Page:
Stamp it Out

Stamp it Out
27 Jan 20

I’m no stamp collector but my attention was grabbed by Royal Mail’s latest special collection which is dedicated to video games, and not just any old games, games made and developed in the UK over the last 40 years. Obviously this is hugely nostalgic so I thought that I would take a look at which games made the cut and their influence on me.


Elite was a staple of British gaming back in the day. This vector-based space adventure was released on the BBC Micro in 1984 and as most schools had at least one Micro this was the best way experience the game at the time. It spawned a number of sequels and is still going strong today with the last release ‘Elite Dangerous’.


Who wouldn’t want to be god? Well in 1989 the closest thing you could get was to play Populous on the Amiga and Atari ST. Build your world, fight battles and smite your people. I wasn’t such a big player of this title, mainly because I literally have no patience but there was no denying the popularity of Populous.


I always thought this game was called ‘Dizzy Egg’ but apparently it’s just Dizzy. I was introduced to our oval hero with a demo version that came with a cassette on the front of Crash magazine in 1987. The gameplay comes in the format of a side scroller where you navigate the landscape, trying to avoid the baddies and collecting items required to solve puzzles scattered throughout the game.

What really impressed me about Dizzy were the graphics. Where at the time most games on the ZX Spectrum only utilised a couple of colours but this was, at the time, a visual feast. The animations were fluid and the simplicity of the gameplay made it, and its sequels, instant hits.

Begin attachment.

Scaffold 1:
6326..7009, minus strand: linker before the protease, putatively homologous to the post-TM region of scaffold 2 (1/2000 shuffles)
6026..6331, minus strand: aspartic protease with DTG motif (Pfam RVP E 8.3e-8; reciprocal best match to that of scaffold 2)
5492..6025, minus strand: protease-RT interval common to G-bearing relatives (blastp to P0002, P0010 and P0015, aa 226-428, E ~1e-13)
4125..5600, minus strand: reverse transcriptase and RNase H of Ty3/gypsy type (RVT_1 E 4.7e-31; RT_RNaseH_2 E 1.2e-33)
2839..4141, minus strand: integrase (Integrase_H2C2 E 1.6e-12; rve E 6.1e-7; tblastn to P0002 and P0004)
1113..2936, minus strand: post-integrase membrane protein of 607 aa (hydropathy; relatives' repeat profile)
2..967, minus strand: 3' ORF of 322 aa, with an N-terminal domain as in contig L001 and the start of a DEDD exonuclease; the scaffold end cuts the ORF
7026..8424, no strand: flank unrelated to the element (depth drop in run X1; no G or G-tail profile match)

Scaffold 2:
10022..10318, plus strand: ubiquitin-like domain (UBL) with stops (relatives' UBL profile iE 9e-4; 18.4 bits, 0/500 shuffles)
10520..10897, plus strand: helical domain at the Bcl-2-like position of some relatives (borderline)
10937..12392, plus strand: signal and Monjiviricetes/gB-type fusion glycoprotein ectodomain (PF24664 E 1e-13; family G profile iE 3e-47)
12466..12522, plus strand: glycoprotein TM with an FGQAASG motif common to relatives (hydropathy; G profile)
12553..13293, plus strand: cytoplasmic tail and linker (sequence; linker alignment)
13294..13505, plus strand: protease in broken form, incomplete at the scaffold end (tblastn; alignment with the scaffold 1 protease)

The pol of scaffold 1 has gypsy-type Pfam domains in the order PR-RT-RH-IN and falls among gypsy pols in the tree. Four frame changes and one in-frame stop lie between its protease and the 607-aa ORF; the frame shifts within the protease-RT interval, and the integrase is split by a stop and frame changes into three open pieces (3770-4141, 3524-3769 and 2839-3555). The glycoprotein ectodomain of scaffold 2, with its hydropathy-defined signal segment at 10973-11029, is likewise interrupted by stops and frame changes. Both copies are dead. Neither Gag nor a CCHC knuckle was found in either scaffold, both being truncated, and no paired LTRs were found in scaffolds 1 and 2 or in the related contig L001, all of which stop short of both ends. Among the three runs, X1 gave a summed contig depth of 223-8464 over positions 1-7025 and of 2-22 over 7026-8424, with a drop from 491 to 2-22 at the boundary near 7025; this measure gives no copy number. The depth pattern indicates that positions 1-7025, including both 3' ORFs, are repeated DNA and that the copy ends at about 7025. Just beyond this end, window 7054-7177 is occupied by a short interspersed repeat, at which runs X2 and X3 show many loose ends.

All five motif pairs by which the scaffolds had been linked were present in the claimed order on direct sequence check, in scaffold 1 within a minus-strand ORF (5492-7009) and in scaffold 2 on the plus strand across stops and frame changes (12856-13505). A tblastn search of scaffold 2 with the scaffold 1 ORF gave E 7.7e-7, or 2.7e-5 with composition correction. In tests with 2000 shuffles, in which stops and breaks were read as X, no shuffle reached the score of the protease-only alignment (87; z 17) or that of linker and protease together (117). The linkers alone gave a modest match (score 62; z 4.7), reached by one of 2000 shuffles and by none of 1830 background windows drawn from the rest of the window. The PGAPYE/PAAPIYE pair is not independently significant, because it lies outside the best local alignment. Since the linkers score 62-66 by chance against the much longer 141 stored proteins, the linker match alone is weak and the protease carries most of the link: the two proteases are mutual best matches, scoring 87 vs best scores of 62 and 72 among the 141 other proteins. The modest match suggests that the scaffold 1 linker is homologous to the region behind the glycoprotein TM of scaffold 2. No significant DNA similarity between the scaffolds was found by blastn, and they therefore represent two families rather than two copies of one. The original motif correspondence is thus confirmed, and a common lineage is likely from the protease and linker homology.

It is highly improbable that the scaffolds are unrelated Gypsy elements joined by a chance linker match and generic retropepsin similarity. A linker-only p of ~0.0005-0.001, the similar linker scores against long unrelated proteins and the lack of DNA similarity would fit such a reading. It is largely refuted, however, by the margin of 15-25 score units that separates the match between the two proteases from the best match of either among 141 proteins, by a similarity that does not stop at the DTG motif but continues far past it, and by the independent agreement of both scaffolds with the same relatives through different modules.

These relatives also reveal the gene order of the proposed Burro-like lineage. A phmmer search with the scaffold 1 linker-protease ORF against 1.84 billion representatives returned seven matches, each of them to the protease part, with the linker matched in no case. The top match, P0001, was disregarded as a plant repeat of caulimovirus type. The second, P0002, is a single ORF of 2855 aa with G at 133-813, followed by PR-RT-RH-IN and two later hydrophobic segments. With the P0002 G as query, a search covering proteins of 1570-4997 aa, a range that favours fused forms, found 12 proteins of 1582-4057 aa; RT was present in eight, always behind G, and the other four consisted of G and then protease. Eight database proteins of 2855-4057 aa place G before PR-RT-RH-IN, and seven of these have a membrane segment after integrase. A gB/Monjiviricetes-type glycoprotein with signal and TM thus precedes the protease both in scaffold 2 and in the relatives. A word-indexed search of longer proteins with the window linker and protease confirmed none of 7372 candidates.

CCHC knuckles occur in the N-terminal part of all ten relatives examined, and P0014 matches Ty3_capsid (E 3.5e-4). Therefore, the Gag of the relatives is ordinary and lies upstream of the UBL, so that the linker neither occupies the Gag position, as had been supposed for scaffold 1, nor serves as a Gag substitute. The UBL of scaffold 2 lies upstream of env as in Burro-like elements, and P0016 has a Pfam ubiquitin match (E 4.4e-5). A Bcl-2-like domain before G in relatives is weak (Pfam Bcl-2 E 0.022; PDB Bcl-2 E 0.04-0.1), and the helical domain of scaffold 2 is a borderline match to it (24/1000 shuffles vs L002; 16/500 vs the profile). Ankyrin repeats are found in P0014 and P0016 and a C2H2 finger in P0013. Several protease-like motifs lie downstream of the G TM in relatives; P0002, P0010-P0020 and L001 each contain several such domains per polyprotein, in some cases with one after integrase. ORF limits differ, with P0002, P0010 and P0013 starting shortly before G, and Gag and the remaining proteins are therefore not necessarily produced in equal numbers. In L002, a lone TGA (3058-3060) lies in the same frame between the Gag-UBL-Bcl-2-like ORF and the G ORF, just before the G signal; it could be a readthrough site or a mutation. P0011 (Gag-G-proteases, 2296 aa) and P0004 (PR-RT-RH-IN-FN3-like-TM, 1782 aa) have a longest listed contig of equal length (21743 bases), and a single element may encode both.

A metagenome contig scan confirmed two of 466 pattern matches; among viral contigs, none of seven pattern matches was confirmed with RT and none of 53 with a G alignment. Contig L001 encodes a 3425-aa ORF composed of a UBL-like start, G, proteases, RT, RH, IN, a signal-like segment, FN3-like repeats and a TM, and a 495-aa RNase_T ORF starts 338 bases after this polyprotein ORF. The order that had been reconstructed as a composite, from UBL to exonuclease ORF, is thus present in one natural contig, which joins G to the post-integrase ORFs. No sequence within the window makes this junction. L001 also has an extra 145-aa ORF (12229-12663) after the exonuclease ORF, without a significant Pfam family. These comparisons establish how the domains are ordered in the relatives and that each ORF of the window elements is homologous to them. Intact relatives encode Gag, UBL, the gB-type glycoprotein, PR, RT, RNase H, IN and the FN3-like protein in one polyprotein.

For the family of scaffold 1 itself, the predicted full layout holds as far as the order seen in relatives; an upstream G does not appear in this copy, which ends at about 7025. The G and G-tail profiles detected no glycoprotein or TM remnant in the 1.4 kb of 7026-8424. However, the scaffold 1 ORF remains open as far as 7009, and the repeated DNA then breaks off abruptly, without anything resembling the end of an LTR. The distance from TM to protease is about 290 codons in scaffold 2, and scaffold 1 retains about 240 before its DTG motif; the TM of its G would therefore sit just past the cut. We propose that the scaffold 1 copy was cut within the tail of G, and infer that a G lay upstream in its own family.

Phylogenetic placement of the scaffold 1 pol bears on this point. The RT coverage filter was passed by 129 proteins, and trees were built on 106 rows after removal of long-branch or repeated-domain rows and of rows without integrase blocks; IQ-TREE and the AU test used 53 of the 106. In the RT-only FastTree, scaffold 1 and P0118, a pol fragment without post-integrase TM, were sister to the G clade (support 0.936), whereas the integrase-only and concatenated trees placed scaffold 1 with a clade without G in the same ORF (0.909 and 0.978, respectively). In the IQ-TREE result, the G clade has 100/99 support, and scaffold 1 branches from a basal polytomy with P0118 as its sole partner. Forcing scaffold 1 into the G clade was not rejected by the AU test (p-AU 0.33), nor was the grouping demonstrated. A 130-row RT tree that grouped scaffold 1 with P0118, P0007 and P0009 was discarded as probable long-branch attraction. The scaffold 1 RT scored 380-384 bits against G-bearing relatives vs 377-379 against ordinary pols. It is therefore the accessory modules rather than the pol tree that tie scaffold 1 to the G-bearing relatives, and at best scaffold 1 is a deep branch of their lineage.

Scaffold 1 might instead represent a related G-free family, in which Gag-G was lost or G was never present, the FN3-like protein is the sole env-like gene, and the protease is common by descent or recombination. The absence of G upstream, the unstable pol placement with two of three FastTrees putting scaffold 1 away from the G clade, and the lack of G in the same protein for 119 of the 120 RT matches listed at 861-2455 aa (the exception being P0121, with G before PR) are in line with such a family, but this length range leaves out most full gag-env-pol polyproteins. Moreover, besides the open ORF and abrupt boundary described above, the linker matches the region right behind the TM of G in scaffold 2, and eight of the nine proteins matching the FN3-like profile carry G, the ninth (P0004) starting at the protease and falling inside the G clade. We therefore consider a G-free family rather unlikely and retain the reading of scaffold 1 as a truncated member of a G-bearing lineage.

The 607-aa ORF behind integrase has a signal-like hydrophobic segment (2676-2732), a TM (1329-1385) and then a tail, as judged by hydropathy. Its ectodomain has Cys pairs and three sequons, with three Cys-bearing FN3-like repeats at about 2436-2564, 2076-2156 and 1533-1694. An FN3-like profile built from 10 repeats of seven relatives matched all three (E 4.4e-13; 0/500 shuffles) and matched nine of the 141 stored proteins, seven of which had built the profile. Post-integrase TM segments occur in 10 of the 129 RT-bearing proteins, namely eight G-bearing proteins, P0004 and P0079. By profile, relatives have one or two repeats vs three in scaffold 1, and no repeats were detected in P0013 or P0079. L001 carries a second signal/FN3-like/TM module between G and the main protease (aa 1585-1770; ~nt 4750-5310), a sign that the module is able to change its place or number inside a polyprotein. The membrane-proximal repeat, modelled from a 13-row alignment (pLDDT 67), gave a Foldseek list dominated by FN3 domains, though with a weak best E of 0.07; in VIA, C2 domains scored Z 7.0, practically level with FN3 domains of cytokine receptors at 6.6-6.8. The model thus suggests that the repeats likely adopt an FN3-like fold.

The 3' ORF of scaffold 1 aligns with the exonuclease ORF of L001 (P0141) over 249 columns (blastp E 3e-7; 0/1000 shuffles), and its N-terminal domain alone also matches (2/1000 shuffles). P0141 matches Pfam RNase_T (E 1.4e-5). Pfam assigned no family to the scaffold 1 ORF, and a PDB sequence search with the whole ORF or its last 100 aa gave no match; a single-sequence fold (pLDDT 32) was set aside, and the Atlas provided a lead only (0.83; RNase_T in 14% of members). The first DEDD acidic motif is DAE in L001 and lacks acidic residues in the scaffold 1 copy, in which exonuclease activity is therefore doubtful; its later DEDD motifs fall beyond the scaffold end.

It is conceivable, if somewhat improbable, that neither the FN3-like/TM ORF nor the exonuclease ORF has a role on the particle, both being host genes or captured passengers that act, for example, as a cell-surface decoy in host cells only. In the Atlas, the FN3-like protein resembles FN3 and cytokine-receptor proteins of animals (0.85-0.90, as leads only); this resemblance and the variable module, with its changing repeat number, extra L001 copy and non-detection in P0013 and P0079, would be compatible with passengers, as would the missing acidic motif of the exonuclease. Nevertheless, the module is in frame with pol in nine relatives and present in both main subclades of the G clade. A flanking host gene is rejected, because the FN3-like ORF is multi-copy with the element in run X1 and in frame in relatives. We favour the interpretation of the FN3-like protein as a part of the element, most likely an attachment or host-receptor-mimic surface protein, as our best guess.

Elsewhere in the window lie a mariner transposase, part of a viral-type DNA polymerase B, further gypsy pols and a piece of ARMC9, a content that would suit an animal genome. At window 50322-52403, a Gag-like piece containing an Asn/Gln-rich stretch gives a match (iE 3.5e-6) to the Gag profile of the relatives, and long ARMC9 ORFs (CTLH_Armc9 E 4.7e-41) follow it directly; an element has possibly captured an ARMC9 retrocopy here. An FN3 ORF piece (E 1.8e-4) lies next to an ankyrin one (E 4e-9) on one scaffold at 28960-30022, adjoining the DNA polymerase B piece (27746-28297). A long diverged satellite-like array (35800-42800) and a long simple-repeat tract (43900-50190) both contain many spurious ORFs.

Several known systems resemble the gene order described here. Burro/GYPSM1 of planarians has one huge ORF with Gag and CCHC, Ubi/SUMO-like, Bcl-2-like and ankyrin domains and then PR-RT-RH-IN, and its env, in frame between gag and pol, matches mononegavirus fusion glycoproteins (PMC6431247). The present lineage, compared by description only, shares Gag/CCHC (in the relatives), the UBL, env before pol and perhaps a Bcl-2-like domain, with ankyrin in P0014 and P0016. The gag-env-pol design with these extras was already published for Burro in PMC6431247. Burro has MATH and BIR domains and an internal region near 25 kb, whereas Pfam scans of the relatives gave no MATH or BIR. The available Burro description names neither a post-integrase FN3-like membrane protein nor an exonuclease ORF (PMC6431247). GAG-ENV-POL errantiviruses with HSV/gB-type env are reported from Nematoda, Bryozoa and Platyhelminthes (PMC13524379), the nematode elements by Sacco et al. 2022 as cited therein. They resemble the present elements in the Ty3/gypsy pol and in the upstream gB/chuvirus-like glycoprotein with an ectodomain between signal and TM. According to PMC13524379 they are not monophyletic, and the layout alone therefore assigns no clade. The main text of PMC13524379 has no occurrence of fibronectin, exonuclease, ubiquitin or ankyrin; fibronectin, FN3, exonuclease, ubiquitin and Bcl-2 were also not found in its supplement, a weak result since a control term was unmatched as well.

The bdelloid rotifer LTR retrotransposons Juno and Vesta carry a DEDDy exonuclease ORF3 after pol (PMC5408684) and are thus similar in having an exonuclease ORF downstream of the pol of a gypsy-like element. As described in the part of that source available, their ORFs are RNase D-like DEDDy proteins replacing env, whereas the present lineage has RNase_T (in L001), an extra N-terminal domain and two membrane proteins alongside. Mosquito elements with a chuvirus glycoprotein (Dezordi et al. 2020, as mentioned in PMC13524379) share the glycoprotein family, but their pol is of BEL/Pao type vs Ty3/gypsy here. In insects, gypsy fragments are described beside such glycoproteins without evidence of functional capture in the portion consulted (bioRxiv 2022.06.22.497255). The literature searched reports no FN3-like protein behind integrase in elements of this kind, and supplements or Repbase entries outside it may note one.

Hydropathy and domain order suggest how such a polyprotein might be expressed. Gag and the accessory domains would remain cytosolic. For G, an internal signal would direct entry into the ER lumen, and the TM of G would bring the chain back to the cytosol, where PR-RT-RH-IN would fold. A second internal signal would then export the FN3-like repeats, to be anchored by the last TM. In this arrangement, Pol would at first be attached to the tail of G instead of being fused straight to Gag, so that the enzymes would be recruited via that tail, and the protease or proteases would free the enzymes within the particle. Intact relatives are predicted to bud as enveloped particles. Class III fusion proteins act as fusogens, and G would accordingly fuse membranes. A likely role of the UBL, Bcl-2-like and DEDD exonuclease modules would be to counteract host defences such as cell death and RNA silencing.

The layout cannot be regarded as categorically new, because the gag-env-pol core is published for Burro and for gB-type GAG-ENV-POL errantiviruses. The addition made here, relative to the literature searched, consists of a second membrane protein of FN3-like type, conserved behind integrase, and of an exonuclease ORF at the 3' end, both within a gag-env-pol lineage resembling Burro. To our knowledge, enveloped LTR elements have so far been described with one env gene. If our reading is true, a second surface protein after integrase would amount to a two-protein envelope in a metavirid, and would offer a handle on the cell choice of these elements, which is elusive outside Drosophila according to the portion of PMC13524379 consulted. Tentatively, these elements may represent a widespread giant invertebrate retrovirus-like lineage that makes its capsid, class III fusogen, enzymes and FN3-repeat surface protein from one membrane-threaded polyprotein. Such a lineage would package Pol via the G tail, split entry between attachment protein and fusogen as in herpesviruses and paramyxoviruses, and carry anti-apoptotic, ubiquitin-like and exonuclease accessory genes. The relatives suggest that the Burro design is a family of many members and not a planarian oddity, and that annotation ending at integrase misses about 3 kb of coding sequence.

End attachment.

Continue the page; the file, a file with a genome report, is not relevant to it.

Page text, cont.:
In 1991 I was lucky enough to get an Amiga 500 which coincidentally coincided with the release of the very first Lemmings game. Your mission, should you choose to accept it is to guide your suicidal friends through levels with ever-increasing difficulty by allocating them tasks such as digging, climbing and many more. There is also sometimes the need to sacrifice some of your crew in order to achieve your goal which is to get a demanded proportion of Lemmings to safety.

Graphically it is as simple as can be but is instantly recognisable. Lemmings was one of ‘those’ games that no matter what your gaming preference all geeks would have played it at one time or another.

Over the years many more Lemmings sequels were released and you can still play it today with a mobile version on iOS and Android.

Micro Machines

Speaking of one of ‘those’ games that most have probably experienced, Micro Machines was one of the most entertaining on this list, especially if playing with friends.

Based on the highly successful line of tiny vehicles the aim of the game is to whizz around tracks based on domestic environments either against a friend or the computer. You have to, obviously, to be faster than your opponent but then get far enough ahead of them so that they go off screen, once this is achieved you score a point and the winner is the player that obtains all of the points available.

The first Micro Machines was released in 1991 and was most popularised on 16-bit consoles such as the Sega Mega Drive (Genesis) and the Super Nintendo (Famicom). Since then it has seen many more releases, the last being ‘Micro Machines World Series’ which came out in 2017.


Probably one of the best multiplayer games of all time I lost so many days of my life back in my student days playing this in our digs. Unless you’ve been hiding under a rock all of your life then I don’t really need to explain Worms to you. But in essence this turn-by-turn battle game see’s you selecting a weapon, aiming it, selecting the power and raining hell on your opponents. Originally released in 1995 it spawned more sequels than any other game out there. But no matter which version you play Worms is still an absolute classic.